Never trust a Government that fails to defend the rule of law

Posted by Martha Spurrier on 10 November 2016

Last week, judges were asked to perform their centuries-old role of applying the law to the facts of a case before them. Quite apart from the merits or otherwise of the decision made, what had for hundreds of years been a cherished pillar of our democracy, the envy of many less fortunate around the world, suddenly became the focus of outrage, indignation and vicious personal attack.

Modern Britain was built on two principles: that every citizen, including those in power, is governed by the law, and that those laws are applied by independent judges – not by partisan politicians.

It is because of these principles that we are entitled to a fair trial based on the facts of our case rather on who we are or who we have offended. These principles make sure that the rights of ordinary people are protected when the powerful do things wrong. They ensure equal treatment and protect minorities from the whims of the mighty. Without them, our representatives could behave as though the rules don’t apply to them and governments could dismiss any challenge against their actions – or have their critics thrown in jail, as happens in many countries around the world.

This is the rule of law, and it is the one thing standing between us and abuses of power – whether by a dictator or by mob rule. No one is above the law.

Freedom of speech and press is, of course, also fundamental to our democracy – and it’s something Liberty will always stand up for. When a judge rules against us in one of our legal challenges, we might disagree and we might say so.

But we would never launch personal attacks on individual judges, especially on the basis of their sexuality or gender. And we would never call into question the very notion of independent judges – which is exactly what several newspapers and politicians did last week. UKIP leadership contender Suzanne Evans even went as far as arguing that judges should be subject to “democratic control”.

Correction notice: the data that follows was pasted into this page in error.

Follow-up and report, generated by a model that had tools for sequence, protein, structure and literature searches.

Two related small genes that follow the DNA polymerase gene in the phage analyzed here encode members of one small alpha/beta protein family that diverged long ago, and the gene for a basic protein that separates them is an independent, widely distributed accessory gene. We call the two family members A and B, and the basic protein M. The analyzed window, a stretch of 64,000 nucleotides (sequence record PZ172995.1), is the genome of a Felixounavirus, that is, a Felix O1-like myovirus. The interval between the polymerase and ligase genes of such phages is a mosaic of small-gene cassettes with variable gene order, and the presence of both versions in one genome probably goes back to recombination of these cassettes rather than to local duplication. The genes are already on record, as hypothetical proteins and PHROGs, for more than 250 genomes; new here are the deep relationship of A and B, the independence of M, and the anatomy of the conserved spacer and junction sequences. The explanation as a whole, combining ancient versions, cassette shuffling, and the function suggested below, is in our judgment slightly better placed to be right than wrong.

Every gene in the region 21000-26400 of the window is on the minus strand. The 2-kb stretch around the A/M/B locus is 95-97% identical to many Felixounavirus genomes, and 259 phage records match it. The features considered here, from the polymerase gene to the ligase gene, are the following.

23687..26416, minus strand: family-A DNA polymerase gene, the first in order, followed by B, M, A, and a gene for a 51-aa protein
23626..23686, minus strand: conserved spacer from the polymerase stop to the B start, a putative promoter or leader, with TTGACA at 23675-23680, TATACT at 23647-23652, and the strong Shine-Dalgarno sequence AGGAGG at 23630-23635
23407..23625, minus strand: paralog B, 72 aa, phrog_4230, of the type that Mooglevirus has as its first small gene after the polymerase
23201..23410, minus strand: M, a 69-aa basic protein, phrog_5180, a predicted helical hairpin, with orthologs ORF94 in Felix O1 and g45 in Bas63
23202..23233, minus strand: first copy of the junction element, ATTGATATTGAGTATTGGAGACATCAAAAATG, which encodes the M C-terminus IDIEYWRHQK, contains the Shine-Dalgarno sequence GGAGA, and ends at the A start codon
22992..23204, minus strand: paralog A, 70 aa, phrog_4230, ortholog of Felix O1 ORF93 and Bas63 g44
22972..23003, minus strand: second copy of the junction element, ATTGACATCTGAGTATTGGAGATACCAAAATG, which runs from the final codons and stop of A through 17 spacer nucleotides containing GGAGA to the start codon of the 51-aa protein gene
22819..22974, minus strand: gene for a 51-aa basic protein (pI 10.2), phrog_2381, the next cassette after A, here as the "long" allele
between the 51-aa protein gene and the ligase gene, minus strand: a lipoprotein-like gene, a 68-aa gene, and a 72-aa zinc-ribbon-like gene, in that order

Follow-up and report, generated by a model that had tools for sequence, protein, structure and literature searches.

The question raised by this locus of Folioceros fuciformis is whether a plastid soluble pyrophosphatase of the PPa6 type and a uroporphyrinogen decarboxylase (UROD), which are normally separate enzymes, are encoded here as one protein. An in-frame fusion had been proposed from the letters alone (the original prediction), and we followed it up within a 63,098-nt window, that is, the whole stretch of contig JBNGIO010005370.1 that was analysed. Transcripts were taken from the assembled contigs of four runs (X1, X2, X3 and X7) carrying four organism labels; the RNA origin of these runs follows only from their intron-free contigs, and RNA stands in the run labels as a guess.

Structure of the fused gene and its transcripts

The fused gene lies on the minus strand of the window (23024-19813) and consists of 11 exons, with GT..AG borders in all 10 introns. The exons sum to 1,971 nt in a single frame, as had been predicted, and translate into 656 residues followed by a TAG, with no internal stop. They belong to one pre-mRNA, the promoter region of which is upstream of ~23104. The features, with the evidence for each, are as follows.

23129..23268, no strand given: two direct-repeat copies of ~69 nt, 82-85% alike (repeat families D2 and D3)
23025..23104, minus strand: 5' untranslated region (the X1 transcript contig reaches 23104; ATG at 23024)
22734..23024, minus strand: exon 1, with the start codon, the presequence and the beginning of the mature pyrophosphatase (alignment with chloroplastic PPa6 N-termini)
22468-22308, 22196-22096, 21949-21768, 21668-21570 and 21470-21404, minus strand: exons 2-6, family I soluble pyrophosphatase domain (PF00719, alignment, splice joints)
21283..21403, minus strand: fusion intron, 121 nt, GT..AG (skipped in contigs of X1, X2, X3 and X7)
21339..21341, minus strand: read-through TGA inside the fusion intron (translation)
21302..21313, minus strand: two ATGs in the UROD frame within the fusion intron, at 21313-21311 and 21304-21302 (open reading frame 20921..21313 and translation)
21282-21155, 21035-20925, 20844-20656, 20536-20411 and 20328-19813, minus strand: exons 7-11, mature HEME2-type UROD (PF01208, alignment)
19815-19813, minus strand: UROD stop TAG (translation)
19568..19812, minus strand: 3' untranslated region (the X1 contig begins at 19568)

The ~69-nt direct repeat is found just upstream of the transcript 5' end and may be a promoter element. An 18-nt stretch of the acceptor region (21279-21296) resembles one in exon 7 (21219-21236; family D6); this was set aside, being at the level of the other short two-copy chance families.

Judges aren’t allowed to defend themselves or their decisions – which is why the Lord Chancellor, when appointed, vows to uphold the independence of our judicial system and the rule of law. But Liz Truss was slow to defend our judges, and disturbingly lukewarm when she finally spoke up to support them.

There is nothing wrong with voicing disagreement with a judgment, but those in positions of influence should remember that their words have consequences.

It’s in all of our best interests that judges can apply their knowledge and expertise without fear or favour – an environment in which judges are intimidated is dangerous for us all.

Sadly, we are not surprised that this Government didn’t step up to defend our independent judges. It is, after all, this Government that has an ignominious track record of undermining the rule of law and access to justice. It is this Government that is determined to vilify “activist human rights lawyers” – those who help ordinary people hold the state to account for abuse and neglect.

Liberty’s members know never to trust a Government that seeks to protect its own power by attacking the ways that citizens’ can defend their rights. Ministers are chipping away at the foundations of our democracy. Together we will strive to uphold it.

Martha Spurrier Liberty

Martha Spurrier